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Thursday, May 19, 2005



Backers of disaster-plan
bill optimistic

The proposal seeks funds to
improve state crisis preparedness

With the start of hurricane season less than two weeks away, supporters of a proposal to spend $4 million from the Hawaii Hurricane Relief Fund to better prepare the state for a natural disaster say they are hopeful the bill will win the support of Gov. Linda Lingle.

Lingle, who says she will not commit to signing any proposal until it is thoroughly reviewed by her administration, has opposed raids of special funds in the past.

"Governor Lingle has an open mind," said Jerry Peters, a member of the Hawaii Lumber Products Association who helped shepherd the emergency preparedness funding proposal through the Legislature this year. "We understand she is seriously considering the bill because it has a nexus to its purpose -- it's for the safety of the public."

Similar proposals have passed previous Legislatures, Peters said, only to be vetoed for various reasons.

This year, the focus of the bill was expanded to include preparation for not only hurricanes, but other natural disasters such as tsunamis like those that struck southern Asia late last year.

Money allocated under Senate Bill 960 would go toward:

» Updating flood-zone maps and expanding public-education campaigns.
» Installing and maintaining alarm sirens and providing around-the-clock alert staff.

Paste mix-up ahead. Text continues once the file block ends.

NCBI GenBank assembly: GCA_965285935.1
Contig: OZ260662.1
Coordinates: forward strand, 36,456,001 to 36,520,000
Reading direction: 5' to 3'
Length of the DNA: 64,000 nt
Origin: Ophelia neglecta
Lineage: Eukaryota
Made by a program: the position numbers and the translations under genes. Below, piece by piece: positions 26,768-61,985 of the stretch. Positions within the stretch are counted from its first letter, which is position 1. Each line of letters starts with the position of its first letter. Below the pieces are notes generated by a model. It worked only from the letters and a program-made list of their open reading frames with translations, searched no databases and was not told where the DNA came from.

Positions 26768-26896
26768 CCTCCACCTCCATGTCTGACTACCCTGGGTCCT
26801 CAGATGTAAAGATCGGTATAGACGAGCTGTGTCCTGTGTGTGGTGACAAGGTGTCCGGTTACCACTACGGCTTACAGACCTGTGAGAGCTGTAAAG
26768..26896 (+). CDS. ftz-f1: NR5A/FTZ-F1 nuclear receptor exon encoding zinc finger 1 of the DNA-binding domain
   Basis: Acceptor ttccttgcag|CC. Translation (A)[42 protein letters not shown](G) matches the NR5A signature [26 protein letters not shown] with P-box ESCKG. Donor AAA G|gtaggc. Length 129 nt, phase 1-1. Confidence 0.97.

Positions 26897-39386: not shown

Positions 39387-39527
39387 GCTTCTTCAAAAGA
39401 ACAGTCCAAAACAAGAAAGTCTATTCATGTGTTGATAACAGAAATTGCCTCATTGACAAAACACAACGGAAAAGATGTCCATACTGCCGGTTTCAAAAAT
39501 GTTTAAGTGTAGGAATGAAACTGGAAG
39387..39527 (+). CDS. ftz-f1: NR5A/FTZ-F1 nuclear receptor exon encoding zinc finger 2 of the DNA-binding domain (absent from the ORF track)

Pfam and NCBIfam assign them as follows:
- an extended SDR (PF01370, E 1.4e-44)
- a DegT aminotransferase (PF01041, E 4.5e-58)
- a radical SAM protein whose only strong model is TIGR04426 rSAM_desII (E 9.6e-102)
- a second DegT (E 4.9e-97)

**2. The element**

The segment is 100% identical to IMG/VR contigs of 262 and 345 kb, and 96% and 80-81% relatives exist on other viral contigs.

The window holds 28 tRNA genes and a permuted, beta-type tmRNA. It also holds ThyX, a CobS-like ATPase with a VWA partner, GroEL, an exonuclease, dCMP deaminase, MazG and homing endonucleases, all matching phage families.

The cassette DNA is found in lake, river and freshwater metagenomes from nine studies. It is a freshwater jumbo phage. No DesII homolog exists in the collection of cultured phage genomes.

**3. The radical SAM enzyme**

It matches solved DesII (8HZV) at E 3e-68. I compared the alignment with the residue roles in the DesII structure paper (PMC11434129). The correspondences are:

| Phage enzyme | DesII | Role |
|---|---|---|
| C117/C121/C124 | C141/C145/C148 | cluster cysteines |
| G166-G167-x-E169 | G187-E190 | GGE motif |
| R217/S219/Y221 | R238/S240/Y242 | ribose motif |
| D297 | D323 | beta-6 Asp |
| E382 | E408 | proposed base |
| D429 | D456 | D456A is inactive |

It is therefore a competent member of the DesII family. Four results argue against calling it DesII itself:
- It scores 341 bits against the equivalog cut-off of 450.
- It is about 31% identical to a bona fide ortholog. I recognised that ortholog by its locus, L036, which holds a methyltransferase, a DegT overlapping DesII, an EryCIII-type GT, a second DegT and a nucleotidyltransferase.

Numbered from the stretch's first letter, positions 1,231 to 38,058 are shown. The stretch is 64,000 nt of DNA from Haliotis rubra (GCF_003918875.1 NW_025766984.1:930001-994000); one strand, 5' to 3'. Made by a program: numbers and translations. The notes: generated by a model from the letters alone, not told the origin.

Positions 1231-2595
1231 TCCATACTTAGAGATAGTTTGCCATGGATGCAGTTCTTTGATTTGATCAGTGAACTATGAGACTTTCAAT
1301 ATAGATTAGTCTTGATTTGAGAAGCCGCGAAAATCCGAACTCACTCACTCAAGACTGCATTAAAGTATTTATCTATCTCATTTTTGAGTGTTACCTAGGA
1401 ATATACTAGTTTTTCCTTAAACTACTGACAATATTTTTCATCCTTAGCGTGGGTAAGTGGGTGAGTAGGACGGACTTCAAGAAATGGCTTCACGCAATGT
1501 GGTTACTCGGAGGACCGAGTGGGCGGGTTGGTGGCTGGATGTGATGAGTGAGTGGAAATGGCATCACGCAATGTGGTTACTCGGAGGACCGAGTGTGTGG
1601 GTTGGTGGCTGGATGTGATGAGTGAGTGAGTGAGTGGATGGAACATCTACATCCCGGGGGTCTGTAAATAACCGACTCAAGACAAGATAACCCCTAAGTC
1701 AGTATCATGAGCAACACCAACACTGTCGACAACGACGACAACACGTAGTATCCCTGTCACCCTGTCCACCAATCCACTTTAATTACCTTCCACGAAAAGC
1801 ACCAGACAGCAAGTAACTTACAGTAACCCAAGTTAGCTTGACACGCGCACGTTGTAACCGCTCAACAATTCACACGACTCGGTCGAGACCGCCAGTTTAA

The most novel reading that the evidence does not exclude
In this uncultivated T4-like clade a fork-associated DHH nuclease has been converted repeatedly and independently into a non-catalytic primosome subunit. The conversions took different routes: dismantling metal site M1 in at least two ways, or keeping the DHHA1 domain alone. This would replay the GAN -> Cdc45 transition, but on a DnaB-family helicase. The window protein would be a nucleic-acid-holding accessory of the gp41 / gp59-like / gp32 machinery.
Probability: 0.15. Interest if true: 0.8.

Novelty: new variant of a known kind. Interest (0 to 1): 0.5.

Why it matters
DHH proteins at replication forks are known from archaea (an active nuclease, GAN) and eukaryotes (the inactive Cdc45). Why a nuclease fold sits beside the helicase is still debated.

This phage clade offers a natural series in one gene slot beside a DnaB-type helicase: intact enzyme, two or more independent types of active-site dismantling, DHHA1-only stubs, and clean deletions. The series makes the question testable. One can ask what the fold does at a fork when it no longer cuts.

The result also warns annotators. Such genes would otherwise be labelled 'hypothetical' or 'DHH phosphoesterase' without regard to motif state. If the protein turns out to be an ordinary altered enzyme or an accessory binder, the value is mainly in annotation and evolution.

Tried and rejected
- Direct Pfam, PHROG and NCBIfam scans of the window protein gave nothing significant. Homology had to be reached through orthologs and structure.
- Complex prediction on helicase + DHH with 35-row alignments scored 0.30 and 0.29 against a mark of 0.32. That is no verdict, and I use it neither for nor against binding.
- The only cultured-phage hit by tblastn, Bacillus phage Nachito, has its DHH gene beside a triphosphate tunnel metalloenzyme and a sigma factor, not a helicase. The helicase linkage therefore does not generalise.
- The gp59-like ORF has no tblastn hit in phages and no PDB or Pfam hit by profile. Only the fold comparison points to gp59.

» Constructing additional shelter space.
» Retrofitting public shelters.
» Developing residential safe room design standards.

"We will not forget the gruesome images of the Dec. 26 Indian Ocean tsunami," House Public Safety Chairman Ken Ito said in his floor speech supporting the proposal. "In order to avoid similar disasters from occurring, it is our state's duty and responsibility to prepare our citizens by raising awareness, improving emergency shelters, updating sirens and providing around-the-clock emergency service."

Earlier this year, officials from state Civil Defense told lawmakers that if tsunamis on the scale of those that struck southern Asia were to hit Hawaii, the state would need emergency shelter space for about 175,000 people on all islands.

Civil Defense was seeking $2 million in each of the next two fiscal years to be able to increase shelter space for about 40,000 people statewide.

Maj. Gen. Robert Lee, the state's defense director, said he has not yet spoken with the governor about the proposal to allocate money from the hurricane fund for the preparedness efforts.

"I think she kind of wants to get the various parties to come on in" and discuss the issue, Lee said.

Lingle has until July 12 to make the final determination on all bills before her.

The hurricane relief fund, which is not taking in money and not issuing insurance with a total now estimated at $191 million, was established as a way to provide coverage for homeowners after insurers stopped issuing policies in Hawaii following the devastation caused by Hurricane Iniki in 1992.

Office of the Governor
www.hawaii.gov/gov/


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